What lifted me noticeably was
    1) Vitamin B12 injections (my first one I felt significantly better within an hour, but after several which seemed to stabilize my neurological symptoms now I notice no effect from them)
    2) N-Acetyl Cysteine 1800mg daily (some of my neurological symptoms seemed like bipolar & OCD - that said NAC has been a miracle for me in stabilizing my mood and making me feel like I have a bit more control over myself.
    3) Perhaps most significant was a course of cephalexin. I took this for sinusitis - A lot of my symptoms like static shocks, orthostatic intolerance & brain fog etc seemed to lift after about 6-7 days of this.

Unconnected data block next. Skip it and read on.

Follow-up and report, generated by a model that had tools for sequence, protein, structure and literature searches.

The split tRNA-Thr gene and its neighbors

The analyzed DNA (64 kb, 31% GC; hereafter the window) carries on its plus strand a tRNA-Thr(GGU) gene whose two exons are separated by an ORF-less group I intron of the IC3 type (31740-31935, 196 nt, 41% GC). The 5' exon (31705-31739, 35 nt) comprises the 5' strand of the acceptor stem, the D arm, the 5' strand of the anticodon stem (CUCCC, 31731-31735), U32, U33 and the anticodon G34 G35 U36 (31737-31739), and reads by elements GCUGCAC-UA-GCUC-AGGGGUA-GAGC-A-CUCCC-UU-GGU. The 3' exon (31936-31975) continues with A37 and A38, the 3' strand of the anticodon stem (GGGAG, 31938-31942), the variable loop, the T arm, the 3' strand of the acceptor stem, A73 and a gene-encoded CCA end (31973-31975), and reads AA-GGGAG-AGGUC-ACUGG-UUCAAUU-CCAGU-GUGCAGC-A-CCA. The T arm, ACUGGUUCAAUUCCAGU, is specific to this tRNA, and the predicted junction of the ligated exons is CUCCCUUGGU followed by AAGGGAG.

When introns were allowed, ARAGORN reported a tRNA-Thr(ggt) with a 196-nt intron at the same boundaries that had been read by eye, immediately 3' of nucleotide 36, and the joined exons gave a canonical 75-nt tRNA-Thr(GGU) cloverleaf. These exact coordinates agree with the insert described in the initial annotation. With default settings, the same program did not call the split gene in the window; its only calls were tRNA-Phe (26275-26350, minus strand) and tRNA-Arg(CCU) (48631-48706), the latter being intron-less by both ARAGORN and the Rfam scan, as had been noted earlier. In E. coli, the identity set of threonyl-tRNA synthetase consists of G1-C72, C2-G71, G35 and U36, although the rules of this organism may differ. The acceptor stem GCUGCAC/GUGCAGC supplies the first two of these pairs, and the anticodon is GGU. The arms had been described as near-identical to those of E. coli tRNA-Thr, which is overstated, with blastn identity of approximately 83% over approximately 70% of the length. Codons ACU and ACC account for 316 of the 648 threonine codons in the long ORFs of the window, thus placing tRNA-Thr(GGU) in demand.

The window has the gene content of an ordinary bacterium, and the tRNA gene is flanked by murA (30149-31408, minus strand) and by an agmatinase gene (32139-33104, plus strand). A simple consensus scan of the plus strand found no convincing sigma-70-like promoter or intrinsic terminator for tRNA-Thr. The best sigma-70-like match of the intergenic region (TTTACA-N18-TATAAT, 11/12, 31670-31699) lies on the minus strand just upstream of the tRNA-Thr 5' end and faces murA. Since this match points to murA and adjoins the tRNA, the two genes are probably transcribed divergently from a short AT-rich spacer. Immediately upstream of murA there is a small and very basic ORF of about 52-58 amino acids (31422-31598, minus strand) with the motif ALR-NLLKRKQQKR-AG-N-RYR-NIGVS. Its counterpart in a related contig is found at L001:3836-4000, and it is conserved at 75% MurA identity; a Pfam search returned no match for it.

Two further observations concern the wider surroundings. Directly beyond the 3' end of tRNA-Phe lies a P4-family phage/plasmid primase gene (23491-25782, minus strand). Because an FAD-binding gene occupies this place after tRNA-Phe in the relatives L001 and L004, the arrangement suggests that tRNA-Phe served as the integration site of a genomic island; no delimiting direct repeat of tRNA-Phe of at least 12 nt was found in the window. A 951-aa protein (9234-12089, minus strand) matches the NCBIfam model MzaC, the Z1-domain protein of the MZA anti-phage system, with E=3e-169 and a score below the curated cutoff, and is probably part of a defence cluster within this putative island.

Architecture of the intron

Supposedly the antibiotic was treating the sinusitis (which did improve a lot) but I'm still a bit suss about it - it does make me wonder if I have some other bacterial infection. I've asked doctors if sinusitis can cause that array of inflammatory symptoms like ortho intolerance & brain fog and they can't really give me a good answer.

    That problem is that it is very difficult to prove the existence of reactivated infections in the heart or nervous system because most of the diagnostic tools physicians employ are tailored to find acute infections (usually in the blood) not chronic long term intracellular infections.
    The good news is I think there is more and more realization in the medical community about latent infections that can reactivate - And the fact is that virtually every human has latent viruses in the CNS. So long as they stay dormant there is no problem.
    For patients it's just a matter of finding a physician who is experienced in this. It's still a bit cutting edge but the science is getting there.